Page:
Trucks were a big part of my father's business when I was growing up. Many of my friends had family members in the trucking business. I have a great deal of respect for the profession and the people in it.
I love ordering something from Amazon or Chewy, and having it delivered to my front door in only two days. Trucks make that happen. Trucks make America work, and they are a hugely important part of the economy.
Having established that foundation, they should be ordered off the roads when big snow comes. Jackknifed tractor trailers helped clog the interstates last week, causing highways to be closed for hours. Thousands of people were stranded and that's just plain wrong. It shouldn't have happened.
Hours before the first snowflakes fell today, Governor Wolf ordered a list of trucking restrictions. It's like locking the door after the horse has run out of the barn.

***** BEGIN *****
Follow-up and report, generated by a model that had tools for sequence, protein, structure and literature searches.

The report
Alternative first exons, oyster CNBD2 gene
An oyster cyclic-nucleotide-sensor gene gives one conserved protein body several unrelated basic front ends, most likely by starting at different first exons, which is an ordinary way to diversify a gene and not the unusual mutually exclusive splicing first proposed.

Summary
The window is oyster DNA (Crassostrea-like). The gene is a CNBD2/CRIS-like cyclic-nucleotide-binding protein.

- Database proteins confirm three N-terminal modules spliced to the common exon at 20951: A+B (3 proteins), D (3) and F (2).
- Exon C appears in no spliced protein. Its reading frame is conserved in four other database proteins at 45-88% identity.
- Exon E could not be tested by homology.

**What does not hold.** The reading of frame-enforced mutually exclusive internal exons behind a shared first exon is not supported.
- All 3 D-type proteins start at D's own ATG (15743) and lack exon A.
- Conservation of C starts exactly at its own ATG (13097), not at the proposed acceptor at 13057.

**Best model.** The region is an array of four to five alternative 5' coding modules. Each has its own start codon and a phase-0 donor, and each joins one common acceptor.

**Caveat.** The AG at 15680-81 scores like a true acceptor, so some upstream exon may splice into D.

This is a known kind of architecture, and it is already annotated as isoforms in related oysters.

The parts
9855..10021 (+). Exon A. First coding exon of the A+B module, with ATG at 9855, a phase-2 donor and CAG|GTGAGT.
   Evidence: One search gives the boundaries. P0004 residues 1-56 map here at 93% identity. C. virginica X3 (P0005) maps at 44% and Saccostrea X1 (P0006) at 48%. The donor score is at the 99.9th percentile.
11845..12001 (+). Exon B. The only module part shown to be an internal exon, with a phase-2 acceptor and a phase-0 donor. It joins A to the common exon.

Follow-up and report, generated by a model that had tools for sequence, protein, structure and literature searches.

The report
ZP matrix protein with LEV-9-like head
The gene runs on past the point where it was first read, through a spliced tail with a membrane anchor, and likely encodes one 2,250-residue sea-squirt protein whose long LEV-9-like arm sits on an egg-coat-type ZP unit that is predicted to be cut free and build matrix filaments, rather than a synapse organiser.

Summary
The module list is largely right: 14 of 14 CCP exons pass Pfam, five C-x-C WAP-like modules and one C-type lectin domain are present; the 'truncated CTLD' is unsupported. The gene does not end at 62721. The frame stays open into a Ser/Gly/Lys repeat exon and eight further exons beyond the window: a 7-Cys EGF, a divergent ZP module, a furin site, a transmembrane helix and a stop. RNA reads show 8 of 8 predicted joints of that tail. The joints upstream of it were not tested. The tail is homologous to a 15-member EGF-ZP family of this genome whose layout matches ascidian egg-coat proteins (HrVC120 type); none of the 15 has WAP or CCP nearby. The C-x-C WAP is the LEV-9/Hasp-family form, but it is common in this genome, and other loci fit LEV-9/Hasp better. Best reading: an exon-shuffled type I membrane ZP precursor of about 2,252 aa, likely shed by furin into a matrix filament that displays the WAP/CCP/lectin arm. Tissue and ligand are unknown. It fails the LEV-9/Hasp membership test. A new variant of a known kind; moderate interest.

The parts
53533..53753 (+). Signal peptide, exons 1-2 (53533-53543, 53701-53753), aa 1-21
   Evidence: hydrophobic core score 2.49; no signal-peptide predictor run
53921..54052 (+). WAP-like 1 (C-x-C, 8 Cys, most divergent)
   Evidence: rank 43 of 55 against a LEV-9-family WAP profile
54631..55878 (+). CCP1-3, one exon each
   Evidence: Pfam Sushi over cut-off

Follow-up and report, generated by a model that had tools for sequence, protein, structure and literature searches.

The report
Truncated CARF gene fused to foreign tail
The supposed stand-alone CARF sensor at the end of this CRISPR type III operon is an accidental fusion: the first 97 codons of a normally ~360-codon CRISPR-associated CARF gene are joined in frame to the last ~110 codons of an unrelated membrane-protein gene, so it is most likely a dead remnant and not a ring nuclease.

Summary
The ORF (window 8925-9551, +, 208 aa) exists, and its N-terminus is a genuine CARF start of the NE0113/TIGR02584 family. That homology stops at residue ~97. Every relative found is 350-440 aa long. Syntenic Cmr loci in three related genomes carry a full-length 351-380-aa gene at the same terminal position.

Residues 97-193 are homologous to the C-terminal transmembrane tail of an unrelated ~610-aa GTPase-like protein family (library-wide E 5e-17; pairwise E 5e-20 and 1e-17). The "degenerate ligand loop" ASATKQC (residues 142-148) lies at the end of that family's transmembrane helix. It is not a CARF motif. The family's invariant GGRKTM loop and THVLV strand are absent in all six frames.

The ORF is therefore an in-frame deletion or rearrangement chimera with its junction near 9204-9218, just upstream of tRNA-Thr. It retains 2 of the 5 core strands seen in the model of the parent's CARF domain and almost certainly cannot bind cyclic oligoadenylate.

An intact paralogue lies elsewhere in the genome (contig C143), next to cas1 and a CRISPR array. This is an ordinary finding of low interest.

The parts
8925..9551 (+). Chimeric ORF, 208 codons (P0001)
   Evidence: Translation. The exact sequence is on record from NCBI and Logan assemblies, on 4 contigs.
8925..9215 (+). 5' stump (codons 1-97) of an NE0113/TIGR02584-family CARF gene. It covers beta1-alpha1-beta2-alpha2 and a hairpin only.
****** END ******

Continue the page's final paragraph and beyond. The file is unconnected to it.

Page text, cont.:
PennDOT will impose a ban on empty straight trucks, large combination vehicles (tandem trailers and double trailers), tractors hauling empty trailers, trailers pulled by passenger vehicles, motorcycles and recreational vehicles, or RVs, on:
- Interstate 78 from the junction with Interstate 81 in Lebanon County to the New Jersey line.
- I-80 from the junction with Interstate 81 to the New Jersey line.
- I-81 from the Maryland line to the New York State line.
- I-84 from the junction with Interstate 81 to the New York State line.
- I-380 from the junction with Interstate 80 to the junction with Interstate 81.
At the same time, the Pennsylvania Turnpike Commission will prohibit these vehicles from traveling the northeastern extension between the Lehigh Tunnel and Clarks Summit.
Additionally, at 8:00 AM on Wednesday, all commercial vehicles will be banned on I-380 and I-84 within Pennsylvania.
Restrictions will remain in place as long as warranted through the storm. As conditions develop, speed restrictions and wider truck and vehicle bans will be considered on these routes.